Carl Icahn has been warning us how dangerous low interest rates are as they create bubbles. The most important bubble is the earnings bubble. Repatriation and inversions are two crucial issues for the U.S. Introduction We are continuing with our series of articles on successful fund managers. You can read more about Ray Dalio here, George… Read More »Carl Icahn Is Right, But When Will The Market Learn?
Investors are very optimistic in bull markets and allocate much of their portfolio to stocks, increasing their risk. Analysts and economists expect more spending which will consequently push GDP and inflation up, but low rates push people to save more for their retirement. If the GDP and earnings don’t grow as expected, we could see… Read More »Are You An Investing Optimist? Check Your Portfolio
The FED’s “protect the market at all costs” attitude minimizes the risk of a severe bear market but increases the risk for an inflationary environment. Trade deficits and low productivity are not good signs for the long-term, no matter the positive data from the labor market. Until the focus shifts from central banks to real… Read More »The Important Insights From The FOMC Minutes No One Is Talking About
The dollar has been positively correlated with stocks for the last 4 years which is unusual. Potential FED interest rate increases don’t make international diversification a great idea right now. Any sign of a U.S. recession should be a good time to think about international diversification with emerging markets. Introduction On big news sites like Bloomberg you… Read More »The U.S. Dollar: Should You Stick To It Or Diversify Now?
Risks are cumulating and getting bigger. U.S. GDP growth is slower than expected, earnings and oil prices continue to decline. Japan is unable to grow while BREXIT risks are still unfolding. Introduction It is difficult to find good news lately. The last really good news was the June jobs report when 287,000 jobs were added.… Read More »Euphoria & Denial Point to the Last Days of the Bull Market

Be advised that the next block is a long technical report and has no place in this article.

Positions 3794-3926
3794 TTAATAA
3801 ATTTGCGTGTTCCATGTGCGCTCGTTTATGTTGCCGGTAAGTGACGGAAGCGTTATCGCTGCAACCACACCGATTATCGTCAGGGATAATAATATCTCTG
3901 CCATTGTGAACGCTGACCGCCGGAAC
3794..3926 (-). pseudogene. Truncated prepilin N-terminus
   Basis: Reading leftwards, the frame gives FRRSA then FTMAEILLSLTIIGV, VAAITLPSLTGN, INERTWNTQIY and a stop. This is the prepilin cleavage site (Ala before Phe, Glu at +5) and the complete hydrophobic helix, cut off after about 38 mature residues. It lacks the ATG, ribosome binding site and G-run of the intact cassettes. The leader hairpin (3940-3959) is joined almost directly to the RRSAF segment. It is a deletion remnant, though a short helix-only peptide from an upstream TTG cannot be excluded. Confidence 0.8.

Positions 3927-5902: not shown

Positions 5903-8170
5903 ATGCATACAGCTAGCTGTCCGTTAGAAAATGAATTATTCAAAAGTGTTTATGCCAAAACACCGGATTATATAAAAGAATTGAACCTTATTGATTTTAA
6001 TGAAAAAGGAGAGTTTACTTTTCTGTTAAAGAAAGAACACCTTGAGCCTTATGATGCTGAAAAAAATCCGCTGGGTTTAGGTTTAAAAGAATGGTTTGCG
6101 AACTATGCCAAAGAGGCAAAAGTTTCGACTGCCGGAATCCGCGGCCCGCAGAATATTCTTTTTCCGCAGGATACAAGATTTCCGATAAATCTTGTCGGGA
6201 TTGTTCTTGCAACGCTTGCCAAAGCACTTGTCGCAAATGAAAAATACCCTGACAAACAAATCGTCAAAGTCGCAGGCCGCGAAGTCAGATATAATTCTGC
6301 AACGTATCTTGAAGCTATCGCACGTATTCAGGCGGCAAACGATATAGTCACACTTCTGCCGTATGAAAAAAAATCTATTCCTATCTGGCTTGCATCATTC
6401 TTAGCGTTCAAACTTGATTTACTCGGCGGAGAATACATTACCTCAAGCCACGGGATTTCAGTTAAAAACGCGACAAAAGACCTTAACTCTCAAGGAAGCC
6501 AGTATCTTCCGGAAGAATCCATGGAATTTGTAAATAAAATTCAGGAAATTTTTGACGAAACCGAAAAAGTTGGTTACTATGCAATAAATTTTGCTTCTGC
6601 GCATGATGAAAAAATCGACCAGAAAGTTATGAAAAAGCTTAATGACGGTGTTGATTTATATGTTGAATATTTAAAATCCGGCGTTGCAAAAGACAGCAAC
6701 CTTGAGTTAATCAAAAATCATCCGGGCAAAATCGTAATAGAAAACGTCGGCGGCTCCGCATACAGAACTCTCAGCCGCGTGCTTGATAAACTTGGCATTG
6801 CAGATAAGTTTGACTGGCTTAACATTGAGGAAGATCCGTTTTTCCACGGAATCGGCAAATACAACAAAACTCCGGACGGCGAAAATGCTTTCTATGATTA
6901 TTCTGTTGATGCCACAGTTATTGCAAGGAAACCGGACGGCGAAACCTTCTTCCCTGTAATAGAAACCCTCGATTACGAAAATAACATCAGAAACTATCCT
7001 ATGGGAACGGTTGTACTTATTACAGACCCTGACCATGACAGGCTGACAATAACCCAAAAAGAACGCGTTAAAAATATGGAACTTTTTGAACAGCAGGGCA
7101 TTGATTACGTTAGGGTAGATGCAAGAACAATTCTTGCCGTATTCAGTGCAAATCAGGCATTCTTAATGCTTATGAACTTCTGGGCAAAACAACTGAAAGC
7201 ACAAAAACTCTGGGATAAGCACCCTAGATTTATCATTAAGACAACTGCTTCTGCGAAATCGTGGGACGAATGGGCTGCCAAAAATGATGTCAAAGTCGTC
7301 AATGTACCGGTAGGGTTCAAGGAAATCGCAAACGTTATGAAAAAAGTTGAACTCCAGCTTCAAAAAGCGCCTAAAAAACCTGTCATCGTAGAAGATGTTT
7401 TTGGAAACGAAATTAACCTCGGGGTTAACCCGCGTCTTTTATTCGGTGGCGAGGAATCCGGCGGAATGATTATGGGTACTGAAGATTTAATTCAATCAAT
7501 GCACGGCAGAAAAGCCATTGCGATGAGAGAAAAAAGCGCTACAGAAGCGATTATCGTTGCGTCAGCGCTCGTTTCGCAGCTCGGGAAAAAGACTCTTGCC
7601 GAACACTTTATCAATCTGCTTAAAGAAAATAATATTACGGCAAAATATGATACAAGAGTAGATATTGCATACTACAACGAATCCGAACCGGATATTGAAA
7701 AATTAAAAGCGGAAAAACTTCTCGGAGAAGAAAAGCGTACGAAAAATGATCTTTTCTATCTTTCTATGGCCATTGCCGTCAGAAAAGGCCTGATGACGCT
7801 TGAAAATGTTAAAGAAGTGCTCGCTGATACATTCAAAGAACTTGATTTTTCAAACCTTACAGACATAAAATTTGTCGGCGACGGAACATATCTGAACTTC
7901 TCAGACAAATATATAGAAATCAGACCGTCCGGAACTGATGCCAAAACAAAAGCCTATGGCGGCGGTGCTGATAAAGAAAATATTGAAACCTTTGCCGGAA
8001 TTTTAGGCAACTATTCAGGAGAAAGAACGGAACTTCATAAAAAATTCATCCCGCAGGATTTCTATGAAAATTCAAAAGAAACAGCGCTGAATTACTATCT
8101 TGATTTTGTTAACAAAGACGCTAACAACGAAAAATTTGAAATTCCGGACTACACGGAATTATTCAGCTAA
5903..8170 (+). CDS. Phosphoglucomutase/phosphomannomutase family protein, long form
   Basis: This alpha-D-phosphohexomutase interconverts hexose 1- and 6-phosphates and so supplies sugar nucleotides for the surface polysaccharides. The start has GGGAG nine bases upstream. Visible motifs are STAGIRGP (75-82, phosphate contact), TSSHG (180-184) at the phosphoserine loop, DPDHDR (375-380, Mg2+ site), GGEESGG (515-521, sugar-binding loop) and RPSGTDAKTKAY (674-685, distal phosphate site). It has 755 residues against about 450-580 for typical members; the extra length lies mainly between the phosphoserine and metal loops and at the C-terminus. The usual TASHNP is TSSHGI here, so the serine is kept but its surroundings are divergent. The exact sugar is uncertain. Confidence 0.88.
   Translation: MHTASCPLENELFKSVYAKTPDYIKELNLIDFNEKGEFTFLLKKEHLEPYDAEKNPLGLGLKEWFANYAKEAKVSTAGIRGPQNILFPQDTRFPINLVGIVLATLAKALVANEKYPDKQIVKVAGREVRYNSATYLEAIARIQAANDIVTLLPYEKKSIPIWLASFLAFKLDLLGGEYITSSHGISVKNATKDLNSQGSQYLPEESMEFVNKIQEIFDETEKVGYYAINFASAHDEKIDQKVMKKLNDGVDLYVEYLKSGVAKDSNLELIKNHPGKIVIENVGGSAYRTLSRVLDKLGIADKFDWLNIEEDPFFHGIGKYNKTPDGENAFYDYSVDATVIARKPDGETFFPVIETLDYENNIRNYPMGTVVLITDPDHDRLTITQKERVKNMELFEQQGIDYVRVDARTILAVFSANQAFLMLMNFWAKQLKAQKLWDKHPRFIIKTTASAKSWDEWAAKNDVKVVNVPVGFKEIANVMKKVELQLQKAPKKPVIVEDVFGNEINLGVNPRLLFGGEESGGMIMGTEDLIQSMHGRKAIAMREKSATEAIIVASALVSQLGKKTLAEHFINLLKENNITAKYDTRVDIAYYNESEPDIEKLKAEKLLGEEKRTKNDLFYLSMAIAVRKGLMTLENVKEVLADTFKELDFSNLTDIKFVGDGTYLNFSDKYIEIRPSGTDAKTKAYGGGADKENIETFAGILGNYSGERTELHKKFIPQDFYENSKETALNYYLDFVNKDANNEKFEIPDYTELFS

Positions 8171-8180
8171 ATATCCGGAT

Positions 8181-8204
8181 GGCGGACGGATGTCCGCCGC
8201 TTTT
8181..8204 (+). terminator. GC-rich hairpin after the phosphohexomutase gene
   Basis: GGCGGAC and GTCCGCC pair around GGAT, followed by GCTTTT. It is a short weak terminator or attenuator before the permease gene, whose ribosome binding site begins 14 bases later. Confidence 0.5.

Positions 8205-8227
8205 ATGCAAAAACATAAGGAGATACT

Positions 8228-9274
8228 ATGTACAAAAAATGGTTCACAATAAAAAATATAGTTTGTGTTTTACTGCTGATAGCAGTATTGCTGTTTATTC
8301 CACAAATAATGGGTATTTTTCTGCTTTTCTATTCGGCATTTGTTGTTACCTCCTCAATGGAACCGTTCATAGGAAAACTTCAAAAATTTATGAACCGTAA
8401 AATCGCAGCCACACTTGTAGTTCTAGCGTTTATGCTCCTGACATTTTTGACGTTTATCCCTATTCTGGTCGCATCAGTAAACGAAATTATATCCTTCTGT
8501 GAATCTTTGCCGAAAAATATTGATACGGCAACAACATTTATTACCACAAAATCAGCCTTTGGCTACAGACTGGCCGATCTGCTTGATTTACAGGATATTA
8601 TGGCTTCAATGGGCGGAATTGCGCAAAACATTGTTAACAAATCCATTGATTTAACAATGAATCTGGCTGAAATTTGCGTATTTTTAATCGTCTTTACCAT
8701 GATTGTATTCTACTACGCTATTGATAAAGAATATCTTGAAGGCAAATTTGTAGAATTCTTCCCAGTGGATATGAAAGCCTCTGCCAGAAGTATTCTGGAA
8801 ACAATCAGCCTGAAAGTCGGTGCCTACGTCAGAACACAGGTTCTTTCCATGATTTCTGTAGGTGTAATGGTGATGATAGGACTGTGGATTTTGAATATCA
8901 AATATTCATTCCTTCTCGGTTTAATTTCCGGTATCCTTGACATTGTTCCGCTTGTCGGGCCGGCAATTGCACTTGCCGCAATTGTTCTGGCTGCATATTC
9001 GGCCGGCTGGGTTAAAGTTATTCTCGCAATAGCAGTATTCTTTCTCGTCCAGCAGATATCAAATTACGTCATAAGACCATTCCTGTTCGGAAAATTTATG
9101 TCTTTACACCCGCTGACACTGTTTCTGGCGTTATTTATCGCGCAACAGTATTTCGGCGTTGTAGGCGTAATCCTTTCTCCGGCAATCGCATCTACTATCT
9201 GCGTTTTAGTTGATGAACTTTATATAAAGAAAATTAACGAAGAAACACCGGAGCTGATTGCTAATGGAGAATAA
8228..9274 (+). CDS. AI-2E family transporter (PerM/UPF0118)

Rates cannot go lower but higher rates would destroy wealth and lead to a recession. The FED is in a difficult position and rhetoric shifts can be expected. Introduction It is every central banker’s target, the elusive 2% rate of inflation. We cannot know when, but should expect that it will be achieved and prepare… Read More »Higher Interest Rates Aren’t A Given, But Investors Should Prepare Anyway. Find Out Why.
Almost 30% of global sovereign debt comes with a negative yield. The situation is much worse in Japan and Europe than it is in the U.S. Investors should enjoy the asset inflation party while it lasts but also be prepared for the worst. Introduction Negative yielding debt seemed impossible and illogical for a long time,… Read More »Negative Yielding Debt: A Party for Investors or Pure Stupidity?
Bonds are becoming riskier as yields are falling. Inflation is at 1.2% and very likely to get higher as full employment is approached. The FOMC predicts stability which could create a great environment for traders. Introduction On July 6 the Federal Open Market Committee (FOMC) June meeting minutes were released. As they give clear insight… Read More »Watch Out: The FOMC’s Current Stance Could Impact Your Portfolio in the Long Term
The risks of a slowdown are higher than the upside. Fundamental trends are negative in advanced economies while emerging markets show higher growth rates and are cheaper. It is important to create a diversified portfolio with uncorrelated assets. Introduction In an environment where it seems maximum potential for the U.S. economy has been reached, the… Read More »How to Prepare Your Portfolio For The Next Recession or Stock Market Crash
A positive outlook seems more political than realistic as the FED is out of maneuvering power. Keeping interest rates unchanged is the best and the only thing the FED can currently do. Low interest rates will weaken the dollar, boost exports and increase corporate earnings in the upcoming earnings season. Introduction In FED’s Chairwoman Yellen… Read More »Will There Be A Long Term Impact To The Fed’s Shift In Rhetoric?